Types of Rodeo Bulls

By Lee Parker

With stats that compare to celebrity athletes, breeding rodeo bulls -- also known as bucking bulls -- has become a multimillion-dollar enterprise. Gone are the days of domestic rodeo bovines such as Herefords and Angus; in this modern age you're more likely to find a jumbled genetic stream dedicated less to one breed, and more to one purpose: bucking.

From Nurture to Nature

Originally a Mexican tradition, the Texas Rangers took on the sport of bull riding in 1852. The pastime, although popular, lacked organization and rules until 1936, when the first association of cowboys and bull riders was created. Bulls used then were simply those that displayed ornery personalities and had the propensity to buck.

Over time, the traditional European cattle such as Angus, Herefords and Holsteins were eschewed for far more feisty breeds of bulls: Most current rodeo bulls can trace their heritage back to Texas longhorn and Brahman cattle. No one or two particular breed of cattle produces dependable buckers; although "Plummers" -- an exact half-longhorn and half-Brahman bull-- and "Charbrays" -- Charolais and Brahman -- are popular crosses.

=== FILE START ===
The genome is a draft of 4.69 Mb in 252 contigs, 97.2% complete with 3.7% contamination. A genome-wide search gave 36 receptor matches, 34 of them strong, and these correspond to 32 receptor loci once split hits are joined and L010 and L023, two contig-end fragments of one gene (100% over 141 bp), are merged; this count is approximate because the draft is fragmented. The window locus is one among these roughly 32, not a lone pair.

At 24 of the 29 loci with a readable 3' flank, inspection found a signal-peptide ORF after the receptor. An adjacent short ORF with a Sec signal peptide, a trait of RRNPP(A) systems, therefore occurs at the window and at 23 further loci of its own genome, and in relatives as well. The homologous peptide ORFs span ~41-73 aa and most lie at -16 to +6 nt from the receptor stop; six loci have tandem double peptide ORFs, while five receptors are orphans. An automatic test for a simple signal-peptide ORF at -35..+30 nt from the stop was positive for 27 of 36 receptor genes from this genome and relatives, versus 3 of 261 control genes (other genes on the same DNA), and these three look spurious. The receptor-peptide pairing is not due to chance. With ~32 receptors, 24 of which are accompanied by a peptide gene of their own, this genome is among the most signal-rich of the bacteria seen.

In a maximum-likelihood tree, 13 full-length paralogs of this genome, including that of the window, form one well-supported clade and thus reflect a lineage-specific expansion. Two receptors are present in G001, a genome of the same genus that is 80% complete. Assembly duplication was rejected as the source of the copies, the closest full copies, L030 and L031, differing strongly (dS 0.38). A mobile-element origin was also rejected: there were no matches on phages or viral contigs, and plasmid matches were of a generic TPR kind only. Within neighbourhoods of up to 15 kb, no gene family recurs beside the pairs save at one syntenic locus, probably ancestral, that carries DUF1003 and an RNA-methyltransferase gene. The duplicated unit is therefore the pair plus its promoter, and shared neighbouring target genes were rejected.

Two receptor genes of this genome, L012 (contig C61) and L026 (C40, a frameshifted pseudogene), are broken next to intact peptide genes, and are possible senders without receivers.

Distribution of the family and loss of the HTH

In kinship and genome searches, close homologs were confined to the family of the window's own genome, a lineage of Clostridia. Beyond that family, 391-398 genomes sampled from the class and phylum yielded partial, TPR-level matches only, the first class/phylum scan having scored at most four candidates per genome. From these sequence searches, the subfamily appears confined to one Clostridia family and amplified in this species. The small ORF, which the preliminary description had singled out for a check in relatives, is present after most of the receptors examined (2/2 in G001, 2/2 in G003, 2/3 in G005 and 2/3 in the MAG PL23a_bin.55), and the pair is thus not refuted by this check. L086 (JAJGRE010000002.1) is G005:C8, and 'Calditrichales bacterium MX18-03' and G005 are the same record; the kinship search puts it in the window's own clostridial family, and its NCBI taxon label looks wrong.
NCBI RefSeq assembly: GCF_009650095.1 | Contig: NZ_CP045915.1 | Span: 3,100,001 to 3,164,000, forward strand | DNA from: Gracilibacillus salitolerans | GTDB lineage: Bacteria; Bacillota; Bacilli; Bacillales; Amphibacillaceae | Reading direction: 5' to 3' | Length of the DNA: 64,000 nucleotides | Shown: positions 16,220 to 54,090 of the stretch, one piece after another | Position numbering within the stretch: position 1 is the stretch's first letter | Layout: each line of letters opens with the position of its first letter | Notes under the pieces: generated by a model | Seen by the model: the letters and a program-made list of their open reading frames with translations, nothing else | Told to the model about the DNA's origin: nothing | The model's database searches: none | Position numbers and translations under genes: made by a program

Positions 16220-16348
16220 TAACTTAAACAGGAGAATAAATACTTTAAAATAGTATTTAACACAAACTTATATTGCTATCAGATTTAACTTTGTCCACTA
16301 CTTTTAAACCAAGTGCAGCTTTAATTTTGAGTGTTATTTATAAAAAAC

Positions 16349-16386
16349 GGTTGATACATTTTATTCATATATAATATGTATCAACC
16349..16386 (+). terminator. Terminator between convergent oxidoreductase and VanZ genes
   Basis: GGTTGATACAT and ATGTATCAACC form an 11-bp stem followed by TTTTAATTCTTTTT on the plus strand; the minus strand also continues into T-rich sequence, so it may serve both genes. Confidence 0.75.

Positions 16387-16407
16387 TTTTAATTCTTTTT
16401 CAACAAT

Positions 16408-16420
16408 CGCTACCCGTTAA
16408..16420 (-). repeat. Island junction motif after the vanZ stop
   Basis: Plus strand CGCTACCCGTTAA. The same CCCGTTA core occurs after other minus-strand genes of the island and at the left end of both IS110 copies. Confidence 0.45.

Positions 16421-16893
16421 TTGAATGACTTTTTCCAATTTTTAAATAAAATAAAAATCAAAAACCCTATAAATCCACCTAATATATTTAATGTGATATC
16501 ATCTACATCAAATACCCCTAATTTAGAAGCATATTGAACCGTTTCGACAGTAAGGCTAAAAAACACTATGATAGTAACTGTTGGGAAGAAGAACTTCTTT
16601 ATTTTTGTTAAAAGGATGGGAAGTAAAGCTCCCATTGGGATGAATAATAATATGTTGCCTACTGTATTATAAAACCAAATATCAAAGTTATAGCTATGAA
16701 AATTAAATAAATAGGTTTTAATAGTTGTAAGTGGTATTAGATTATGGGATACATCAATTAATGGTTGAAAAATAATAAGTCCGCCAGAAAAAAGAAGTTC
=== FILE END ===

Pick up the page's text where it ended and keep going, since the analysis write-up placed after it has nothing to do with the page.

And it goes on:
Crafting a King

In pursuit of the perfect bucker, breeders will utilize the best genetic technologies science can offer. Most breeders in the business of rodeo bulls depend upon artificial insemination, pairing renowned buckers with cows sporting distinguished -- and pricey -- bloodlines without the two animals even meeting in person.

Breeders look for bulls that kick high, spin quickly and weigh close to a ton in sheer muscle. When it comes to copying the award-winning moves of previous celebrity bulls, they aren't afraid to follow that course literally: Panhandle Slim, a World Champion rodeo bull has been cloned four times, each genetic copy producing the same bucking pattern as the original bull.

Bulls designed through genetic engineering are known as "born-to-buck" bulls, with some offering nearly $500,000 for a proven bucking bull from royal bloodlines, and around $2,000 per tablespoon of genetically valuable semen.